I hope the real-life hoopla settles down a bit. We misses you, precious. :) And you, Tarion, and I have to get to work on the Canatics Hate This project. :^P
  • I really like your points.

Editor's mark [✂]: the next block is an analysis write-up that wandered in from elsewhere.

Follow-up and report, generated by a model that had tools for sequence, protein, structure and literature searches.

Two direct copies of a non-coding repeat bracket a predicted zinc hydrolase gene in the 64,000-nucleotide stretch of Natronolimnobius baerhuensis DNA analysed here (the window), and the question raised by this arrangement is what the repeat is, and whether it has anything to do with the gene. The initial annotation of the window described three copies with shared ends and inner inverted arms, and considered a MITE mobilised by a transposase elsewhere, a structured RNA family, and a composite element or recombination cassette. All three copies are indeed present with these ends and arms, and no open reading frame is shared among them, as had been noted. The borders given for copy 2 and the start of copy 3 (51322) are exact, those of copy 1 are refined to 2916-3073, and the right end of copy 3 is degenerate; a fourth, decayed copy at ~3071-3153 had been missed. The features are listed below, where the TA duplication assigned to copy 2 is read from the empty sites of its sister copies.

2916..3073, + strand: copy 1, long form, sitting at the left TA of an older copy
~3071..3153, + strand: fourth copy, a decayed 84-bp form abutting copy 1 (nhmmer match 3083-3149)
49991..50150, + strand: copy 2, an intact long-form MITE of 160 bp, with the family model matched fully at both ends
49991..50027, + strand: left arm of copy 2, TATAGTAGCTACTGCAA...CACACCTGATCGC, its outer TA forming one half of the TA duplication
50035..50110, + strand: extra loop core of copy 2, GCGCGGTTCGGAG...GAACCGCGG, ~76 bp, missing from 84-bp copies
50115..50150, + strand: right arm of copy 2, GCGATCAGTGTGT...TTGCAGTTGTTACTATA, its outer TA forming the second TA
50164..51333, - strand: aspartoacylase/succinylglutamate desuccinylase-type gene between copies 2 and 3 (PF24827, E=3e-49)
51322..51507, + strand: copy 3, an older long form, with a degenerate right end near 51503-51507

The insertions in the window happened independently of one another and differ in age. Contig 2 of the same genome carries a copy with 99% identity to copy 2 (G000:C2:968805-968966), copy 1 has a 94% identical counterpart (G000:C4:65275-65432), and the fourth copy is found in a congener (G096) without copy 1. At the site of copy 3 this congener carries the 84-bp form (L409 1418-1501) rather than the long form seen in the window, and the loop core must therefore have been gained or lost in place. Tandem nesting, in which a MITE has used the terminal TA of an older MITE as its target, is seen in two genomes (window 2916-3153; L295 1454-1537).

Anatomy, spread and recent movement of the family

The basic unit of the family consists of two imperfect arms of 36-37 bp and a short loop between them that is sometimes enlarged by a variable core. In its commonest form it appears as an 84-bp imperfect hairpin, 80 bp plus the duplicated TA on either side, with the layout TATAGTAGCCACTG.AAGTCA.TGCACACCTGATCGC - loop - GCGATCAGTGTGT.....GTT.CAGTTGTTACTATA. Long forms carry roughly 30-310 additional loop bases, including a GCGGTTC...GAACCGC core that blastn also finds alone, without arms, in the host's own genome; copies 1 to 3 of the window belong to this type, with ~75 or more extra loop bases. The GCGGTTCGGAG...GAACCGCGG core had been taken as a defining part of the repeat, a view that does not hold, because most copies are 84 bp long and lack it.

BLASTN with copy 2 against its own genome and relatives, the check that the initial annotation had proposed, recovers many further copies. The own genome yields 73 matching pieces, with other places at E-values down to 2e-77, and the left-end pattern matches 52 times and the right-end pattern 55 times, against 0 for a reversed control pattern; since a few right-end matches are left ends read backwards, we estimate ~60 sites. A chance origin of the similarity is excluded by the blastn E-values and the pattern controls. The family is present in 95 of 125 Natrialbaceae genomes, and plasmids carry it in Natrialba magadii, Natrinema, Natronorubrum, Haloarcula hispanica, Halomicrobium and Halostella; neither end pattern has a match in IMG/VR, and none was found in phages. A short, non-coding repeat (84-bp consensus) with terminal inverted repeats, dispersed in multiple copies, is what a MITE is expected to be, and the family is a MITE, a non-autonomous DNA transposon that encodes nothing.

What is cannon in Tolkien? It is my view that all of the works are canonical to some extent; but there are degrees of canonicity, I agree with you that the Hobbit and the LOTR are the most canonical in regards to his other works for the simple fact they are the most complete. The works published posthumously are of less canonical value because of the fact that they were works in progress. Some of my favorite works of Tolkien are those written early in his life because they show the most amount of folk style fantasy. The sin of many Tolkien enthusiasts is that do not let them selves’ become divorced from the works and look at them in an objective way. The fact is that all version of the Silmarillion have value. I find it interesting to exam them from a historian’s perspective, as Tolkien himself expressed a interest in history because it is applicable. Looking at the HoME, the Silmarillion, the Unfinished Tales, and Children of Hurin, the problem is clear to me. All the accounts come from in some way the accounts of Pelegodh of Gondonlin (might have misspelled that), either through translations in the Red Book or from Eriol Ælfwine the Mariner. So one most obiviously ask oneself: what axes does the chronicler have to grind? The answer is quite a few actually, in particular the bias of the author is noticable in connection to the House of Fëanor. Therefore all the cannon we do have should be taken with a grain of salt. Things like whether Ereinion Gil-galad was the son of Fingon or Orodreth is one that the fans of Tolkien should not discount any of the versions; personally think that Gil-galad was the son of Orodreth the son of Angrod, but that Fingon adopted him to be his hier, Fingon having no heir in Middle-Earth. This is not to say that he did not have one in Aman. I think that the exiles left a lot of family back in Valinor. Another example of bias in the histories Tolkien gave us is the matter of the succession after the downfall of Morgoth. Gil-galad eventually suceeded but I think that this caused a split amoungst the remaining Eldar in Middle-Earth. Why else did Celeborn and Galadriel migrate to Lothlorien, or for that matter Celebrimbor go to Hollin, or Thranduil to Greenwood? The answer I believe in politcal strife amounst the Eldar. But I digress, the point I was trying to make is that Tolkien probably created the most complex piece of fiction of all time, certainly in the 20th century, and it was left unfinished. Morover he designed that his mythology be a foundation for which other could come and build upon and expound. There are things in fanfictiondom that I reget, such as the view the Maedhros was a homosexual with Fingon, that I consider not in keeping with the intent of the foundation material, and something that I know Tolkien considered debasing. Tolkiens work contains things that are debased but they usually shy away from those concerning sex, of course the creation of Orcs and Morgoths thoughts of Luthien are the exceptions. I hope to start posting some fan fiction of my own. I hope that I can equal the care, scope, and quality that you have shown and in keeping with the intent Tolkien.